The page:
Climate Action

Renault to commit €1 billion in boosting electric vehicle capacity

Renault Group has announced a major investment in the production of electric vehicles in France.

  • 15 June 2018
  • Adam Wentworth

Renault Group has announced a major investment in the production of electric vehicles in France.

The global manufacturer will commit 1 billion euros to four factories in northern France in a bid to solidify its leadership in the growing electric car market.

The fresh injection of cash will help support a doubling of capacity for its Zoe model; enable further growth for its Kangoo electric van, and create a new site to produce electric vehicles for its alliance with Nissan. It will also triple production of its electric motor with the introduction of a more advanced machine from 2021.

The investment is part of Renault’s four-year plan to increase its turnover to 70 billion euros and create 20 models of car which are either fully electric or have electric parts.

The French company’s famed alliance with Nissan has helped the two become global leaders in electric vehicles. In 2017, Renault saw a 37 percent growth in EV sales in Europe, and an overall market share of 23.8 percent. Its successful Zoe model increased its sales by a huge 44 percent, highlighting the task other manufacturers, such as Tesla, have in breaking the European market.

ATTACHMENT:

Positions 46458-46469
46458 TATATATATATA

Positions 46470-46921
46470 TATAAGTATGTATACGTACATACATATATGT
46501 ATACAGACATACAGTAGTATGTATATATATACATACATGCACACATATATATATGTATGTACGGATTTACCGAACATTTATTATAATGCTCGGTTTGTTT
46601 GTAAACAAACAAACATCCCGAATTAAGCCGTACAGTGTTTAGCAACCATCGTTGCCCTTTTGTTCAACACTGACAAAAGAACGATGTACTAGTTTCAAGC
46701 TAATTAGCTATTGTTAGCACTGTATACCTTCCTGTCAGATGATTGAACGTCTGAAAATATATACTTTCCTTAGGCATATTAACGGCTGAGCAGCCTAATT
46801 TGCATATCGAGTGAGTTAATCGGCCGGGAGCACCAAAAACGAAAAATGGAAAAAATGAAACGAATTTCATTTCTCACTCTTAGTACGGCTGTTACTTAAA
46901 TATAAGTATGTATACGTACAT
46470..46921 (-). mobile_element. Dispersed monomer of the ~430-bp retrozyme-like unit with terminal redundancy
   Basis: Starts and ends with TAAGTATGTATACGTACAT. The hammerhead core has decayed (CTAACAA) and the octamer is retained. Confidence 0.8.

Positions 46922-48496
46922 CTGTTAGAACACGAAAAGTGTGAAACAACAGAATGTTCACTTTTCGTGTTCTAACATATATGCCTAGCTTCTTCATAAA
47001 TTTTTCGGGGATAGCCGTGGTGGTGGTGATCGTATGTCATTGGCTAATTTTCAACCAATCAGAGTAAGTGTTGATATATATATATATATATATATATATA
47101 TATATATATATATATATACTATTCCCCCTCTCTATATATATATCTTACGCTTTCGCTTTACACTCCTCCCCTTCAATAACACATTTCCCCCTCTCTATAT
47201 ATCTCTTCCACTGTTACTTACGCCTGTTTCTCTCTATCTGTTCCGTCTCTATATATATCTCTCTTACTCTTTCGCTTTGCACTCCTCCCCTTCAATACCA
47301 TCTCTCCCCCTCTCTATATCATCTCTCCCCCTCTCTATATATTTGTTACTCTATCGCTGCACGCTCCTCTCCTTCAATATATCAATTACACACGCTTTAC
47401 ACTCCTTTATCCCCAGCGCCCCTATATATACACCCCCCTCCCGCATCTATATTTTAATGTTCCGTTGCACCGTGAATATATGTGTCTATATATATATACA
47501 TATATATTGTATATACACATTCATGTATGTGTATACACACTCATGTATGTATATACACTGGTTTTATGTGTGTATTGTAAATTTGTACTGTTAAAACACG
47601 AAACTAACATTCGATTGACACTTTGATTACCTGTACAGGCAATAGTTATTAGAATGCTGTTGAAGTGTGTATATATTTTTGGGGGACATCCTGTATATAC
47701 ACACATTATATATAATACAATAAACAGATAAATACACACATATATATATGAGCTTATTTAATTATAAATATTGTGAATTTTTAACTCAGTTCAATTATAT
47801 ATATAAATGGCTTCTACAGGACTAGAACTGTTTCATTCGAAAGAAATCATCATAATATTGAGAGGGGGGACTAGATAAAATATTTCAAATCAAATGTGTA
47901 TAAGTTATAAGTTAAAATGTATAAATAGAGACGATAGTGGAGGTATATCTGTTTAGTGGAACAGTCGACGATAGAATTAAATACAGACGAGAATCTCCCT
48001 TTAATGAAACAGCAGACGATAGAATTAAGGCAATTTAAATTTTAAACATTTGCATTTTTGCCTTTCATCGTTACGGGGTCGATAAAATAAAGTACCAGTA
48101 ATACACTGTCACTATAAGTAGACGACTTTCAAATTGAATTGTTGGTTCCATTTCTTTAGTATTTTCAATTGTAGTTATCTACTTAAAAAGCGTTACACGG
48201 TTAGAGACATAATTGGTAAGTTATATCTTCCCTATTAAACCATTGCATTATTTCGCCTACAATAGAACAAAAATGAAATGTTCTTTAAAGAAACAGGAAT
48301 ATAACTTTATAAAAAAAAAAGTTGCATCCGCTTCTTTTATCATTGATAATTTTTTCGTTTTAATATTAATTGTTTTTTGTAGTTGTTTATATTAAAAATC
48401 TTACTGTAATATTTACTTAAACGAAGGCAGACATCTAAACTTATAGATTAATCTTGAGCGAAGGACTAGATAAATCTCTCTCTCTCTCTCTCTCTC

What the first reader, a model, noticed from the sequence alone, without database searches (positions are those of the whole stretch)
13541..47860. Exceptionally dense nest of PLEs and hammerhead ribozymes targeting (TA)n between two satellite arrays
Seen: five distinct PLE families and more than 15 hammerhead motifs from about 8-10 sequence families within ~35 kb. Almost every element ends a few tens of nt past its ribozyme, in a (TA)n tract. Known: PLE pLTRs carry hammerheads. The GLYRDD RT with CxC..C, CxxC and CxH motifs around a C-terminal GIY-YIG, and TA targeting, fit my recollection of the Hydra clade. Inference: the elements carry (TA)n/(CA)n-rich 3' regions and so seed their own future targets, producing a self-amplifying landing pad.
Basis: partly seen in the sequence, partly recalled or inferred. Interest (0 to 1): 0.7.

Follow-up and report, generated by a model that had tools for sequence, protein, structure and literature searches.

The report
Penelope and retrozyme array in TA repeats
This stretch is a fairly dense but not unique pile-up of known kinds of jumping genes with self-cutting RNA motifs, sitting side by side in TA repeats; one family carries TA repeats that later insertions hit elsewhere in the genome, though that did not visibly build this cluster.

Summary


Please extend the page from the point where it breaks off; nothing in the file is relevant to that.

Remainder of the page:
Carlos Ghosn, Chairman and CEO of Renault, said: "The acceleration of our investments in France for electric vehicles will increase the competitiveness and attractiveness of our French industrial sites. Within the framework of its Drive the Future strategic plan and with the Alliance, Groupe Renault is giving itself the means to maintain its leadership in the electric vehicle market and to continue to develop new sustainable mobility solutions for all".

Earlier this year, Renault-Nissan also announced plans to invest in the next generation of battery technologies, called solid-state. These batteries are smaller, cheaper and can purportedly run at a higher capacity than the current lithium-ion batteries used in electric vehicles. The alliance is targeting 2025 to bring the technology to market.


Credit: M 93 / Wikimedia Commons / CC BY-SA 3.0 (DE)